Actuaries are essentially experts at managing risk, and owing to the fact that there are fewer actuaries in the World than most other professions — they are highly in demand. They lend their expertise to insurance, reinsurance, actuarial consultancies, investment, banking, regulatory bodies, rating agencies and government agencies. They are often attributed to the middle office, although it is not uncommon to find active roles in both the ‘front and middle’ office. 

Recently, they have also found greater roles in fast growing Internet startups and Big-Tech companies that are entering the insurance space. Take Gus Fuldner for instance, head of insurance at Uber and a highly sought after risk expert, who has a four-member actuarial team that is helping the company address new risks that are shaping their digital agenda. In fact, Uber believes in using actuaries with data science and predictive modelling skills to identify solutions for location tracking, driver monitoring, safety features, price determination, selfie-test for drivers to discourage account sharing, etc., among others.

Also read – Are Predictive Journeys moving beyond the hype?

Within the General Actuarial practice of Insurance there are 3 main disciplines — Pricing, Reserving and Capital. Pricing is prospective in nature, and it requires using statistical modelling to predict certain outcomes such as how much claims the insurer will have to pay. Reserving is perhaps more retrospective in nature, and involves applying statistical techniques for identifying how much money should be set aside for certain liabilities like claims. Capital actuaries, on the other hand, assess the valuation, solvency and future capital requirements of the insurance business.

New Product Development in Insurance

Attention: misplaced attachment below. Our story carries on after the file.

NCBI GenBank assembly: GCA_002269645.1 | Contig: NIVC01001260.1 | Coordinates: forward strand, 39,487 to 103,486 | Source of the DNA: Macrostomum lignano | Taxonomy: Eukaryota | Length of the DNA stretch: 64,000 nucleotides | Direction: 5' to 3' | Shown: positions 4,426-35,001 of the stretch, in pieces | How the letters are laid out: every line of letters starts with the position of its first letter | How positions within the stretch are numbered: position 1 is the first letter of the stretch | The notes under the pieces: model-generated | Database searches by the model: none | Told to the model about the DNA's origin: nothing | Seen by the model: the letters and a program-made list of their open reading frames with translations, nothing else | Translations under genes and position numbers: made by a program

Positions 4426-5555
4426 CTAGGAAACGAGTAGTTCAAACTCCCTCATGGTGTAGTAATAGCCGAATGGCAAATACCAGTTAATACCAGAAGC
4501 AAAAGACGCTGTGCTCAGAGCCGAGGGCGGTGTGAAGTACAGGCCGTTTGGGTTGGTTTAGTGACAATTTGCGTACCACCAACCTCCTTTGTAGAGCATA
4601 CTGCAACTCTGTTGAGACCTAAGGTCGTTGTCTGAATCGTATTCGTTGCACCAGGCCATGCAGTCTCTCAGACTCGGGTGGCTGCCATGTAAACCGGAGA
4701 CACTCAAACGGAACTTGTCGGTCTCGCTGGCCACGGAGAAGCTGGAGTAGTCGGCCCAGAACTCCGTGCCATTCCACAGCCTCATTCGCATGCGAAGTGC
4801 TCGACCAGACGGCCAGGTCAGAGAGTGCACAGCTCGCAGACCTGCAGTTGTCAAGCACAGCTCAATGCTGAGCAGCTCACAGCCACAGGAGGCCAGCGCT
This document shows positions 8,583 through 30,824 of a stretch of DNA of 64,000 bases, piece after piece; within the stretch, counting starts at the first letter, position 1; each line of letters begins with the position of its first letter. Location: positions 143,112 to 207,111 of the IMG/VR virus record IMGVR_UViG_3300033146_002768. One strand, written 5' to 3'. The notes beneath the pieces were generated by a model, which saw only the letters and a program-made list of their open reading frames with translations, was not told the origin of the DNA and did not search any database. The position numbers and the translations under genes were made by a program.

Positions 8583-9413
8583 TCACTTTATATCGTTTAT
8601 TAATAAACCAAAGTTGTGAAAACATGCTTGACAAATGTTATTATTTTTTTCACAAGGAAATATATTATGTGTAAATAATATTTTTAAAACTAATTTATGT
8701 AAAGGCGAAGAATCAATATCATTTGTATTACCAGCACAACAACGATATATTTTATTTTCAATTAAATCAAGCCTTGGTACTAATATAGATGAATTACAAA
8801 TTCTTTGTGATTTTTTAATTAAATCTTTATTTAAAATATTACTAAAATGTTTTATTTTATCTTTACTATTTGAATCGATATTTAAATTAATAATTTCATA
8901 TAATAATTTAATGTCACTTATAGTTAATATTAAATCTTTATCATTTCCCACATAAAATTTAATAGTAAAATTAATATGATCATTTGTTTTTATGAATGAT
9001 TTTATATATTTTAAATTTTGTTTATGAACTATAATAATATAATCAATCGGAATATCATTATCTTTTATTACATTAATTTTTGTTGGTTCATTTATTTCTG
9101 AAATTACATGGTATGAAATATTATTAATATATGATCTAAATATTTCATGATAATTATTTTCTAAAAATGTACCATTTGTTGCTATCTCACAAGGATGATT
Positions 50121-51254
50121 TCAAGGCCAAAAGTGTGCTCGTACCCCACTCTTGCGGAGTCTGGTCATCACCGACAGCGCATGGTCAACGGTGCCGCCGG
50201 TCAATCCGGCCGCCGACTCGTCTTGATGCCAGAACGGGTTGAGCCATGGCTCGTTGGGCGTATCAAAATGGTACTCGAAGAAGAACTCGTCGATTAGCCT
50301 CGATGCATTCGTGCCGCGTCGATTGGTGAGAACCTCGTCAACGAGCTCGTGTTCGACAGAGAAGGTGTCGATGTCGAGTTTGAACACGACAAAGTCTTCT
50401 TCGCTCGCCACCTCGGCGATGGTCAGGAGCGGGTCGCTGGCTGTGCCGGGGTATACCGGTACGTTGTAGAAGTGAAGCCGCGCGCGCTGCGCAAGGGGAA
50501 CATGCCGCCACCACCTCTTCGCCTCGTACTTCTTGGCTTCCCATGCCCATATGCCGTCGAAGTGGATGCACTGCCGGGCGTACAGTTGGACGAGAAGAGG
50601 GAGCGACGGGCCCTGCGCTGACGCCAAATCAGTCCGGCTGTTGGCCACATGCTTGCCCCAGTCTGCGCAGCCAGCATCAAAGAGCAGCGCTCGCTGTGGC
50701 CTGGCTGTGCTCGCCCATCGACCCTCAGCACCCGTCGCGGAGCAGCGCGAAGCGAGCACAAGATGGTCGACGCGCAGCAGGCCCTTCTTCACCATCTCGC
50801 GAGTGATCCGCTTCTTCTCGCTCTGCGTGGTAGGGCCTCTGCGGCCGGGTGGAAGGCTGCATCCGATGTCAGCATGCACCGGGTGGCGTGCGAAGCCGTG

Insurance companies often respond to a growing market need or a potential technological disruptor when deciding new products/ tweaking old ones. They may be trying to address a certain business problem or planning new revenue streams for the organization. Typically, new products are built with the customer in mind. The more ‘benefit-rich’ it is, the easier it is to push on to the customer.

Normally, a group of business owners will first identify a broader business objective, let’s say — providing fire insurance protection for sub-urban, residential homeowners in North California. This may be a class of products that the insurer wants to open. In order to create this new product, they may want to study the market more carefully to understand what the risks involved are; if the product is beneficial to the target demographic, is profitable to the insurer, what is the expected value of claims, what insurance premium to collect, etc.

There are many forces external to the insurance company — economic trends, the agendas of independent agents, the activities of competitors, and the expectations and price sensitivity of the insurance market — which directly affect the premium volume and profitability of the product.

Dynamic Factors Influencing New Product Development in Insurance

Source: Deloitte Insights

To determine insurance rate levels and equitable rating plans, ratemaking becomes essential. Statistical & forecasting models are created to analyze historical premiums, claims, demographic changes, property valuations, zonal structuring, and regulatory forces. Generalized linear models, clustering, classification, and regression trees are some examples of modeling techniques used to study high volumes of past data. 

Based on these models, an actuary can predict loss ratios on a sample population that represents the insurer’s target audience. With this information, cash flows can be projected on the product. The insurance rate can also be calculated that will cover all future loss costs, contingency loads, and profits required to sustain an insurance product. Ultimately, the actuary will try to build a high level of confidence in the likelihood of a loss occurring. 

This blog is a two-part series on new product development in insurance. In the next part, we will take a more focused view of the product development actuary’s role in creating new insurance products.